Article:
Fixed Gear Article in Global Times

While I was in Taiwan 2 weeks ago a writer from the Global Times newspaper came to interview Samantha and random customers that came to my bike shop. Today the article was published on the Global Times website. Here is a copy of their article:

Fixed-gear fixation
Source: Global Times
By Paul Morris

Cycling appears to be devolving. Remember when you were young and needed training wheels to stabilize your first bike? Styles have not gone that far back but they’re not far off. „They’re very cool now. All the hipsters back in Japan have fixed-gear bikes,“ said Chinese fixed-gear enthusiast Liu Lin. „I often ride mine for 100 miles into the hills, but I’m in the minority. Most people hang out in cities trying and look cool.“

The fixed-gear – also referred to as fixed-wheel or single-speed – bike, unlike its geared counterparts, don’t allow the cyclist to freewheel or coast, i.e. you can only move forwards (or backwards) if you are peddling, as the sprocket is attached to the wheel’s hub. Although some still opt for them, this essentially alleviates the need for brakes; if you want to stop, you simply stop peddling.

Liu in Ines Brunn’s Bicycle Shop Natooke

I met Liu at Beijing (and China’s) only fixed-gear bike shop (which also doubles as juggling store), Natooke, in Wudaoying Hutong. German Ines Brunn opened the shop last year (though the official opening was early March this year). After over five years working for a telecommunications company in Beijing, she wanted to combine her knowledge of business with her true passion. „I had represented the German national team in artistic cycling and have been doing it for over 21 years,“ she said. „It is hard work going through all the paperwork to open a business in China but we finally have our shop.“

After founding a club in 2007, Brunn quickly realized there was a demand not being met amongst Beijing’s cycling community. „People couldn’t get fixed-gear bikes or equipment in Beijing, even though they are made in China, so I saw an opportunity.“

A growth business

Business is slowly taking off. „We’ve sold around 20 bikes since we launched, but we knew it would take time to build interest,“ said Samantha Song, general assistant at Natooke. „It is the same with many things, but as people in China get richer, they spend more on luxuries, like good bikes. And fixed-gear bikes are still a little too expensive for the average Chinese.“

Prices to purchase and assemble a complete bike range from 2,700 to 10,000 yuan, higher than the average standard bike in shops less than a stone’s throw from Natooke, though, as Brunn points out, no more expensive than a good quality road bike. And with the Beijing government’s new bike rental scheme (see page 9), it is difficult to see where fixed-gears will pick-up a market share.

So who is buying them in Beijing? The obvious answer is those who have money; it comes as no surprise that half of Natooke’s clients are foreigners. However, as with many subcultures, fixed-gear cycling is much more than simply riding a bike. „I saved for 6 months to get my first,“ said Kan Jiaming, a math teacher at a local high school. „It’s not simply about the cycling, but all the things that come with it.“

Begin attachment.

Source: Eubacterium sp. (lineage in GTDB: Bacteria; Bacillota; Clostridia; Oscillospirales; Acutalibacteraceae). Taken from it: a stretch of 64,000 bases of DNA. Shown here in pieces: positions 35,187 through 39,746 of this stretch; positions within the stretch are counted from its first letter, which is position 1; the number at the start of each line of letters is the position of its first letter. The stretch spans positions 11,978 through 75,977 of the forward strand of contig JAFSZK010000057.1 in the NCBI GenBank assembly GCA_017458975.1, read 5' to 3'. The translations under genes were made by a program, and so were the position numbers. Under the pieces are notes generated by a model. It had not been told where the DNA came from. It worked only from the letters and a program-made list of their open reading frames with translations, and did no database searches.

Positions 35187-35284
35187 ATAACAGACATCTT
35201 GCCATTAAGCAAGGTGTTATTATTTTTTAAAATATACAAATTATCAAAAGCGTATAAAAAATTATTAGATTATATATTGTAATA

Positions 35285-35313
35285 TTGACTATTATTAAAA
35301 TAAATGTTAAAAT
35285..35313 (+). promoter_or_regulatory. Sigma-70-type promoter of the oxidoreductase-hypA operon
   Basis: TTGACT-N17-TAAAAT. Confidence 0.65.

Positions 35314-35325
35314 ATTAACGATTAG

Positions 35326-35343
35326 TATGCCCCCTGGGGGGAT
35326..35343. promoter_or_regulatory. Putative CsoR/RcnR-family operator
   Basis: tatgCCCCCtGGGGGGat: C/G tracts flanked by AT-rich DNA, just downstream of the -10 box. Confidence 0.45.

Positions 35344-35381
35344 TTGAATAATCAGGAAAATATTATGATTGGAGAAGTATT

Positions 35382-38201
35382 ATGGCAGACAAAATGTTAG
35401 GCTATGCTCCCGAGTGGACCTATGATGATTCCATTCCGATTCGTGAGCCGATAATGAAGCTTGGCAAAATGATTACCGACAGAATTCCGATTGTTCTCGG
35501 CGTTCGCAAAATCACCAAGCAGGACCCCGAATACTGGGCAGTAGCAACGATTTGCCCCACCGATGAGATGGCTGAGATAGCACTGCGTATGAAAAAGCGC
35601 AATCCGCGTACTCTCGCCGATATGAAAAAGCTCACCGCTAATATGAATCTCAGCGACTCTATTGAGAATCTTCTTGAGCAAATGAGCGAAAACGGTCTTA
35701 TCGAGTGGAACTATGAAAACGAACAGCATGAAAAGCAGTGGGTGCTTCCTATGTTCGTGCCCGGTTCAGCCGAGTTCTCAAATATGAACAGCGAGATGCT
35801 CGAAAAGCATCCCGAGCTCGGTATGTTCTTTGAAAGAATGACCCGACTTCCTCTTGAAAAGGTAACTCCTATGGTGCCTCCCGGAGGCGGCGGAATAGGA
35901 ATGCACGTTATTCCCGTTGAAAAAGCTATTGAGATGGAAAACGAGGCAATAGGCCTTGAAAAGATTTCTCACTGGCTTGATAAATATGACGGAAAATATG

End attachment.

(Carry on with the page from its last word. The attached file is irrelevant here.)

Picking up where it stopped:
Custom simplicity

Each bike at Natooke is custom-made in the shop, with the customer choosing the parts and the colors; Natooke also converts regular bikes to fixed-gears. The shop is decked with couches and cupboards with peddles, spokes and other cycling paraphernalia. It has the feel of your grandfather’s workshop-cum-coffee shop, and is obviously intended to be a place for the community, rather than the sole purpose of selling things. The parts are imported from Europe predominantly, where fixed-gear bikes are already popular with hipsters and bike messengers, but Natooke also designs and produces its own brand in China: the Flying Banana.

One of the attractions seems to be their simplicity and their reversion from bikes cluttered with gears, brake cables, cogs and reflectors. A fixed-gear bike need not be much more than two wheels, a frame and a chain. When Qing is asked how many people use them in Beijing, she replies „100,“ matter-of-factly. She knows this because there is a club of sorts (with a Facebook site and everything) for Beijing’s fixed-gear bikers who like to get together once or twice a week and ride or practice tricks together. „The community will grow this year,“ said Brunn. „Fixed-gear cycling is getting bigger and once the weather warms, I’d say we’ll have a over 150 members, which represents a big growth.“

The increasingly fashionable bikes are beginning to show signs of straying from the territory of enthusiasts to the realm of the layman, „They’re better for city riding than normal bikes, as you have much more control,“ offered Andrew Cavanagh, the most recent of the 20 who have ever purchased from Natooke. „Beijing is a flat city, so you can move pretty quickly with more confidence about avoiding the city’s cab drivers.“

Cycle theft remains high and „if they want to take it, there is still nothing you can do,“ said Liu. Yet the big challenge will be getting Beijingers to move from seeing cycling as a means of transport to something that can be savored and enjoyed. „Life needs to be about having fun, and that comes once you’ve got enough money to feed your family and you aren’t worrying about rent,“ Liu said. „And there is nothing more fun than cycling.“

There was also another related article published regarding the Beijing government’s efforts to increase the number of cyclists. Read more here.

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